“Let yourself be silently drawn by the strange pull of what you really love.” Rumi.
From when I was very young – at primary school – I was fascinated with the mind. I remember buying books on the mind, healing, astral projection, and hypnotherapy with my pocket money. At the same time, I loved being outdoors. I can see now that my love affair with the mind, along with my love of nature, were to deliver my first calling to me.
Whilst working in my first business as a horticulturalist I trained as a counselor. After being approached by the local council I took on teenagers who had social and mental health problems with the aim of helping them adjust their behaviour and find meaningful employment. I noticed how easy it was to implement new ideas into their minds when I gave them repetitive jobs to do with their hands. My fascination with this led to me selling the business and doing a degree in nursing. But then I felt that my love of Nature was pulling me back again. The two areas seemed so diverse, but still, even when I went on to train in clinical hypnotherapy I couldn’t connect the two. My hypnotherapy training led me into an obsession with Carl Jung, and in particular, studying his deep concern over the loss of our emotional and mythic relationship with Nature, and how healing our own living connection with Nature contributes to the whole. He said, “Natural life is the nourishing soil of the soul,” and “We keep forgetting we are primates and have to make allowances for these layers in the psyche”.
Then as the news about the 6th Mass extinction loomed and the realisation that people have to change and start embracing more natural lifestyles, I connected the two.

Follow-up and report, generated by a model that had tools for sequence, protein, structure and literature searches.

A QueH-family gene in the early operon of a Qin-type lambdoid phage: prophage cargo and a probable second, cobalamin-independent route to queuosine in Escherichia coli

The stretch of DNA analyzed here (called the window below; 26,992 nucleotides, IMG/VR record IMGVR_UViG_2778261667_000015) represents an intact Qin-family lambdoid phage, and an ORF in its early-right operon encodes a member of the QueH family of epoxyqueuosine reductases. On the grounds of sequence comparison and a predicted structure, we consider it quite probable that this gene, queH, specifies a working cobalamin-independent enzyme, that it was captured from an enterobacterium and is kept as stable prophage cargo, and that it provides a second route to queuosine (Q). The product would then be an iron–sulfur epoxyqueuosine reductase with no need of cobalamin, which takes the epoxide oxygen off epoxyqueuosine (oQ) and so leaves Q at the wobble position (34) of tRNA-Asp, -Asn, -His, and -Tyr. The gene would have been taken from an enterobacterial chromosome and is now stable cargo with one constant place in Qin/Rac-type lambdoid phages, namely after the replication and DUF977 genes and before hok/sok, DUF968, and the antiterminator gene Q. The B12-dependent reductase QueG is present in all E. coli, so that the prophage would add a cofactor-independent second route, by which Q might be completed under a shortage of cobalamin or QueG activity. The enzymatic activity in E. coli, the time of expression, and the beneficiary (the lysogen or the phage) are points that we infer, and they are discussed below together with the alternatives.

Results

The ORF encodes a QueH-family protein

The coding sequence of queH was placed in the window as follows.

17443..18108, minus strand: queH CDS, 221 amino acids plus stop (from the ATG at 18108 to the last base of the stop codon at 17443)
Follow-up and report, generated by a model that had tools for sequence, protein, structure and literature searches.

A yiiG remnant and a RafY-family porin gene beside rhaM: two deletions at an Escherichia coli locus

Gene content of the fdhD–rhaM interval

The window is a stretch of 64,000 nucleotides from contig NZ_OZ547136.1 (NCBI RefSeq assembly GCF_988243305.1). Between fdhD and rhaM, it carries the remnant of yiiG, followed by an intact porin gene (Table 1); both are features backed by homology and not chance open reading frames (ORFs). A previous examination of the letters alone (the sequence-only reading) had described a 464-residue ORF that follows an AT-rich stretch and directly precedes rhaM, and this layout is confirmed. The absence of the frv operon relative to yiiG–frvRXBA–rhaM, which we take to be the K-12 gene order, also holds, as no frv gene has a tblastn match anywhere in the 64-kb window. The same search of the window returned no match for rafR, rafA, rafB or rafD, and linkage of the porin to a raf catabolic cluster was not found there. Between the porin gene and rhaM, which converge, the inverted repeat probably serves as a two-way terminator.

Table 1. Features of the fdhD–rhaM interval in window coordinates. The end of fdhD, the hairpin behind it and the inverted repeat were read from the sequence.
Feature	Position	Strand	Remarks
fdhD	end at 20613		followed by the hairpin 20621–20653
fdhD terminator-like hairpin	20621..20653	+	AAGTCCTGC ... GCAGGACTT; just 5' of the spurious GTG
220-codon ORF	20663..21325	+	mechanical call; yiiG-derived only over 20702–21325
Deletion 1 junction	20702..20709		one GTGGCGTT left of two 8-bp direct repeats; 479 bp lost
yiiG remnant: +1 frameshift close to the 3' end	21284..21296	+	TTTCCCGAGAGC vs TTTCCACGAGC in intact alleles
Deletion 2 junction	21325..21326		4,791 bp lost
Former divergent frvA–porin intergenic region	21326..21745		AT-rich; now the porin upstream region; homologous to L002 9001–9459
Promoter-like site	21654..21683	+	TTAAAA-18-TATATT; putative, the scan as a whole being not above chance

I had found my calling.
Just because we have callings doesn’t mean they’re easy to follow or easy to find. I listened for too long to people who told me that there was no connection in anything that I was doing and that I should go back to my “good job” as a nurse in the National Health Service.
It was hard to understand what the calling was when I seemed to be going down two diverse paths. Sometimes the calling delivers clues that no one but you can decipher.
Being true to yourself means trusting the process as it reveals itself, taking opportunities as they arise. Above all, you must follow your heart and do what you love.
When we listen to our heart we will always be guided forward in a way that serves us.
Finding, and most importantly acting on, our calling leads us to more fulfilled and happy lives. Spend a few minutes thinking about your calling. It may already be obvious in your life, or it may be disguised as something else. Your calling has no interest in being right in any conventional sort of way; it’s simply your heart speaking its truth.
Listen to it.
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